The purpose of this opinion paper was to highlight the potential problems that a precautionary principle can create in healthcare when we work on the assumption that 100% of the patients attending a dental surgery are infectious. Guidelines and protocols need to take into consideration the absolute risk within the population based on data that is accurate and up to date. Simulation studies, and pilot studies rarely carry their full reported success into the real world (Kistin and Silverstein, 2015). Without taking a deep breath and objectively assessing the changing data regarding Covid-19, policy makers, academics, and clinicians can unconsciously fall fowl of the base-rate fallacy and availability biases created by the modern media. High quality PPE and staff training is a vital component of keeping everyone safe from this virus but we must be mindful of the other effects that perfect practice can have on the health economics and affordability of health care to those most vulnerable.

Disclaimer:  The article has not been peer-reviewed; it should not replace individual clinical judgement, and the sources cited should be checked. The views expressed in this commentary represent the views of the author and not necessarily those of the host institution. The views are not a substitute for professional advice.


BAI, Y., YAO, L., WEI, T., TIAN, F., JIN, D. Y., CHEN, L. & WANG, M. 2020. Presumed Asymptomatic Carrier Transmission of COVID-19. JAMA.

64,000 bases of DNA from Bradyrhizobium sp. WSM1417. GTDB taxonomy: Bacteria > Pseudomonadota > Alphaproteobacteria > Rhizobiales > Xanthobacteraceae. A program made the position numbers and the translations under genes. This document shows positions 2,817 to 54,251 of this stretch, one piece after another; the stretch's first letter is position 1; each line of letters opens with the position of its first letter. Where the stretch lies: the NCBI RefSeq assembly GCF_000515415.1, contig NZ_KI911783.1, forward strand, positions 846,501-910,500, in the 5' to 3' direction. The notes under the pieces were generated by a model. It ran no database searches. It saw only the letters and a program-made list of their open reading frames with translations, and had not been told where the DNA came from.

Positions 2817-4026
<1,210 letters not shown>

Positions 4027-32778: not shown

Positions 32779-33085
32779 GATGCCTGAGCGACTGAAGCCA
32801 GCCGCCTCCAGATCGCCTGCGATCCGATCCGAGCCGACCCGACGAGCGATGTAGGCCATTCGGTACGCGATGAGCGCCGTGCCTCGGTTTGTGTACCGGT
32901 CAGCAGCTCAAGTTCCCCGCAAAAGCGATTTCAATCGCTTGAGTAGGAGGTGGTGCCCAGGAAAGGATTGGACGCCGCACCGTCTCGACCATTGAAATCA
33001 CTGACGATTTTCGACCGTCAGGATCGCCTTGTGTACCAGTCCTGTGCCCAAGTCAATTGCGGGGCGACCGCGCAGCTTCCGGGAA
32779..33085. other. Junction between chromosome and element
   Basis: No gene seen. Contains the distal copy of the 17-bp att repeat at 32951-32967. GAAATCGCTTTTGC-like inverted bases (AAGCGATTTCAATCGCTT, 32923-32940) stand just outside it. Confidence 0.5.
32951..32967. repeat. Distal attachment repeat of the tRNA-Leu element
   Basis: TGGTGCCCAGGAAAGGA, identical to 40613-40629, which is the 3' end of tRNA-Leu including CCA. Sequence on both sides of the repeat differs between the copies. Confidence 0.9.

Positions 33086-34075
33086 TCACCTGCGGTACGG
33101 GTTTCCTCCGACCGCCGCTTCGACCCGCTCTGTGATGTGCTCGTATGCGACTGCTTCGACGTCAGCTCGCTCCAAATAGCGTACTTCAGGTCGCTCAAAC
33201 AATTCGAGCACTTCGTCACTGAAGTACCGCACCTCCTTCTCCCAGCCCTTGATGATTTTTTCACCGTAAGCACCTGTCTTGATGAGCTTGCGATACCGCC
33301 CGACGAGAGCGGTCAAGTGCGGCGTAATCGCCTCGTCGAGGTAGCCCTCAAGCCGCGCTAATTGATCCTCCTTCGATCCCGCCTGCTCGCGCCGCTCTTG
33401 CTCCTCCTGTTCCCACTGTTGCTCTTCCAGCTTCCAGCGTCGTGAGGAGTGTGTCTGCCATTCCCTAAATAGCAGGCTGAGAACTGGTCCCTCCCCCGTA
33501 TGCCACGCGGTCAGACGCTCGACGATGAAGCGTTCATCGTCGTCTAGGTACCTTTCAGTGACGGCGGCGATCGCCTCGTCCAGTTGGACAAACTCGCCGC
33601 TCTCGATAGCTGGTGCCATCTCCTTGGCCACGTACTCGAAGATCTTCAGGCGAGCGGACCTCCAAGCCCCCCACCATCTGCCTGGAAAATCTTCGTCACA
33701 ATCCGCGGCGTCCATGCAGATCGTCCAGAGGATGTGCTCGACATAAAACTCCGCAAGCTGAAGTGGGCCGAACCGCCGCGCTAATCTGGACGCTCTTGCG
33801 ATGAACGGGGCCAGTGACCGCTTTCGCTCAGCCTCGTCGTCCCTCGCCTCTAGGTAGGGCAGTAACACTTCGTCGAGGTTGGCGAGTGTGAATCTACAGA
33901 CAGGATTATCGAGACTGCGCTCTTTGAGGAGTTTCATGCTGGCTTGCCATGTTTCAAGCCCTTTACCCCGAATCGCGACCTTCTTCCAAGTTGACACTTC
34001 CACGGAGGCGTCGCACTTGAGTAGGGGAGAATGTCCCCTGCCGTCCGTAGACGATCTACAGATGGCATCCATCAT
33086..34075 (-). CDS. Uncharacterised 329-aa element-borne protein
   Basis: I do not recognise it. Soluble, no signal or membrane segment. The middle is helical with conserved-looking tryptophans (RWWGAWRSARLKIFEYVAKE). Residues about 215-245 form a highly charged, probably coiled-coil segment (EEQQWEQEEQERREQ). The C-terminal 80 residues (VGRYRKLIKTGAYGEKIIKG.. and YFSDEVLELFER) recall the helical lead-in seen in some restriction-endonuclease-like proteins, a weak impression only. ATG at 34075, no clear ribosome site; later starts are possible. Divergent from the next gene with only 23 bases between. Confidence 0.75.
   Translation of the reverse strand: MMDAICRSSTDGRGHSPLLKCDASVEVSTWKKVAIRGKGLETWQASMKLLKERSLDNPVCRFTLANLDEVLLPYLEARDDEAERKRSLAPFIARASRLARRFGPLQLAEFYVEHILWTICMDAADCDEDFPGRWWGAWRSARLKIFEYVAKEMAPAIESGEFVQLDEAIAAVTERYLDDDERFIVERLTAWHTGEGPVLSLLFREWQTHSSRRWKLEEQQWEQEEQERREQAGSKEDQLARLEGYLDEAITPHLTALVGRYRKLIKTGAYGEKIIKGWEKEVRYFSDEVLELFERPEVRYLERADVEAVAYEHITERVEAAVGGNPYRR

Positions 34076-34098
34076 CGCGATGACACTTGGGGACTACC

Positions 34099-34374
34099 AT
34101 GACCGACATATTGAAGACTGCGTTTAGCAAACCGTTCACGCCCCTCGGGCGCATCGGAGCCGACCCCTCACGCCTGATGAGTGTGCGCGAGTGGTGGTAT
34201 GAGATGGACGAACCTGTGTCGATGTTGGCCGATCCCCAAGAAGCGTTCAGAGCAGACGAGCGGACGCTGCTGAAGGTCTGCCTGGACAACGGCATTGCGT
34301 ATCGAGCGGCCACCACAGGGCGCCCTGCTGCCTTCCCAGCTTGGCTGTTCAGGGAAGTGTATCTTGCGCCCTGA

BASTIAN, H. 2020. A rebuttal to “A fiasco in the making?” [Online]. Available: [Accessed].

BUTTON, K. S., IOANNIDIS, J. P., MOKRYSZ, C., NOSEK, B. A., FLINT, J., ROBINSON, E. S. & MUNAFÒ, M. R. 2013. Power failure: why small sample size undermines the reliability of neuroscience. Nature Reviews Neuroscience, 14, 365-376.

CHAMBERS, D. W. 1999. The roles of evidence and the baseline in dental decision making. J Am Coll Dent, 66, 60-7.

GAURAV, S. 2020. Behavioural Economics in the Fight Against COVID-19: BOMA Framework.

HENEGHAN, C., BRASSEY, C. & JEFFERSON, T. 2020. COVID-19: What proportion are asymptomatic? [Online]. Available: [Accessed].

IOANNIDIS, J. P. 2020. A fiasco in the making? As the coronavirus pandemic takes hold, we are making decisions without reliable data [Online]. STAT. Available: [Accessed].

KISTIN, C. & SILVERSTEIN, M. 2015. Pilot studies: a critical but potentially misused component of interventional research. Jama, 314, 1561-1562.

ONS. 2020. Coronavirus (COVID-19) Infection Survey pilot: England, 14 May 2020 [Online]. Available: [Accessed].

TALEB, N. 2020. EVIDENCE BASED is often BS [Online]. Available: [Accessed].


Opinion: Dentistry, Diagnostic Test Accuracy (DTA) and the Covid-19 Antibody Test

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Virus Outbreak Germany